How to Apply the Pentatonic Scale on the Guitar
How to Play Dorian Mode on the Guitar
How to Name Notes, Scale Degrees, and Chords on the Guitar

Basics of Chord Function and the Dominant Chord on the Guitar

The dominant chord (or the chord built on the 5th degree of a scale) is a fairly important chord on the guitar because its structure and tendency toward the tonic chord really help define the tonal center of a progression. The word dominant refers to two things in music theory:

  • The first is the 5th degree of the major scale, named the dominant.

  • The second is a major triad with a minor 7th, called the dominant 7th chord, which naturally occurs on the 5th scale degree.

The chord function on V is the most important example of this. Because it’s built on the 5th scale degree, or the dominant note, the V chord has what’s sometimes called a dominant function. In a chord progression like I-V, the dominant chord has a sense of movement, or instability, that makes the progression want to continue leading back to the tonic, chord I.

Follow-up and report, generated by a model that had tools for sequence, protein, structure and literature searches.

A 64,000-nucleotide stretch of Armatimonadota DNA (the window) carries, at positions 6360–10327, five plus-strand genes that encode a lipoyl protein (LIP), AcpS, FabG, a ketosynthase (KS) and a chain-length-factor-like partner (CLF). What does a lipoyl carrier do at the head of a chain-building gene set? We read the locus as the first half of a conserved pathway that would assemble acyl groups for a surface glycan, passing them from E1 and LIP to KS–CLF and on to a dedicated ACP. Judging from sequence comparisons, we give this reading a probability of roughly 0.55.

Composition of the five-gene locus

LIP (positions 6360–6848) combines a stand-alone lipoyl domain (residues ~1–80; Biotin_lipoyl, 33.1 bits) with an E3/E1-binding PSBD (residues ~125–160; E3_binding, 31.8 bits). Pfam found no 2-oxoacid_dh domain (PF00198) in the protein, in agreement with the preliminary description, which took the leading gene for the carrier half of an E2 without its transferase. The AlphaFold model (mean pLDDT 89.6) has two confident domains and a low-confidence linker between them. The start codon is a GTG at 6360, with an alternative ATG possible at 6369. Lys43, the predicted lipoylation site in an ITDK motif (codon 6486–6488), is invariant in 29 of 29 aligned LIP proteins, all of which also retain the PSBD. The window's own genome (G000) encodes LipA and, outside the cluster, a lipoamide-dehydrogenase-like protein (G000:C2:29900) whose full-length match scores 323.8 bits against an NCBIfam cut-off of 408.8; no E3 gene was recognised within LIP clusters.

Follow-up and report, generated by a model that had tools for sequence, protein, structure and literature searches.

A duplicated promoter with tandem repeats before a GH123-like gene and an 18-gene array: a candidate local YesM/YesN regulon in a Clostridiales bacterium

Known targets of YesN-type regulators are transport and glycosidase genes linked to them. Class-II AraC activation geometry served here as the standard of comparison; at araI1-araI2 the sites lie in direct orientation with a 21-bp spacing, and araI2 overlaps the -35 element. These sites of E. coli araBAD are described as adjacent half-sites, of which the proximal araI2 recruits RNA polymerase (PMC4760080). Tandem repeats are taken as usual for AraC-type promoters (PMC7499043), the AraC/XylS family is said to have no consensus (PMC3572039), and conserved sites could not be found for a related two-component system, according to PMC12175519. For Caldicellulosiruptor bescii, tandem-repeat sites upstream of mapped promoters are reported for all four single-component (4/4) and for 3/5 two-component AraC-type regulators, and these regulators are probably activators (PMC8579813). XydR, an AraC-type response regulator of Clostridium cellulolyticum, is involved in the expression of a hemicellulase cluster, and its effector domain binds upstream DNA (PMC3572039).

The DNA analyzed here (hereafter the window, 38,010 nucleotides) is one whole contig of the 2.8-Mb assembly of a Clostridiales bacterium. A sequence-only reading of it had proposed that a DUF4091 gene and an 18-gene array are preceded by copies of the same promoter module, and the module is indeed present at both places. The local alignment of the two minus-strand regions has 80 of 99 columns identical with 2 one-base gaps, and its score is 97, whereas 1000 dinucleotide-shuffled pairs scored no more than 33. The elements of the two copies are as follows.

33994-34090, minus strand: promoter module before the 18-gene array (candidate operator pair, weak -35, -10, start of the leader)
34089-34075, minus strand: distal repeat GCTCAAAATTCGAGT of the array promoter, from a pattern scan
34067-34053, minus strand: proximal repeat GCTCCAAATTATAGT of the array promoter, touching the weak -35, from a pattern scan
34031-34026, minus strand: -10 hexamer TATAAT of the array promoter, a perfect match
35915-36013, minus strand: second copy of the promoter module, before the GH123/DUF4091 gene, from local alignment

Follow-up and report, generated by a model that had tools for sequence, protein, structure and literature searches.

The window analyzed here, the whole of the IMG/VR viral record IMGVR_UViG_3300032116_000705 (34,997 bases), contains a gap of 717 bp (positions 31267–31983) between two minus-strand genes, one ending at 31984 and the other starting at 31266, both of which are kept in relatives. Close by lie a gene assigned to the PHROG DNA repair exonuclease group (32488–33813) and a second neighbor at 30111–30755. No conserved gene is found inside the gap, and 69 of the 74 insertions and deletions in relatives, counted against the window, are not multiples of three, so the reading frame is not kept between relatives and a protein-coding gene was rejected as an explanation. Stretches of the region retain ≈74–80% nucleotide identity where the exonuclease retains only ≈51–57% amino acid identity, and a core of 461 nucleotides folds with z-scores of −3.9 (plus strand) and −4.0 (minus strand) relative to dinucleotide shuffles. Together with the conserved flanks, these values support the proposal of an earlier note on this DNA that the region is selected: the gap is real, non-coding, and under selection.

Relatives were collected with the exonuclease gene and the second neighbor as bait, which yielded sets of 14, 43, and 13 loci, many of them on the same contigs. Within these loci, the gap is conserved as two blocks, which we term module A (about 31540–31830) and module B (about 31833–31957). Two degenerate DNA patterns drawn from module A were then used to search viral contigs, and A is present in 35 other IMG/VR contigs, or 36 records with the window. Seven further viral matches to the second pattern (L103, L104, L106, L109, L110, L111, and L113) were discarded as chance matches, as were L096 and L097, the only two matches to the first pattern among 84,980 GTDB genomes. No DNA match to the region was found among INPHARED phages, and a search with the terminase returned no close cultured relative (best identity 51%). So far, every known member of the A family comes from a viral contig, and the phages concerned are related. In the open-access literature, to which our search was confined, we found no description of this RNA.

You can intensify this leading quality of V by adding a 7th to the chord, making V7, or a dominant 7th chord. Every major scale has a naturally occurring V7 chord: G7 in C major, D7 in G major, A7 in D major, and so on. Here is a sample I-V7 chord progression in C.

[Credit: Illustration courtesy of Desi Serna]
Credit: Illustration courtesy of Desi Serna

Musicians also use the dominant 7th chord for its sound quality, or color. You hear this use in blues-based music, where the dominant 7th sound is a huge part of its style. These static dominant 7th chords, as they’re called, don’t necessarily need to resolve to a tonic chord.

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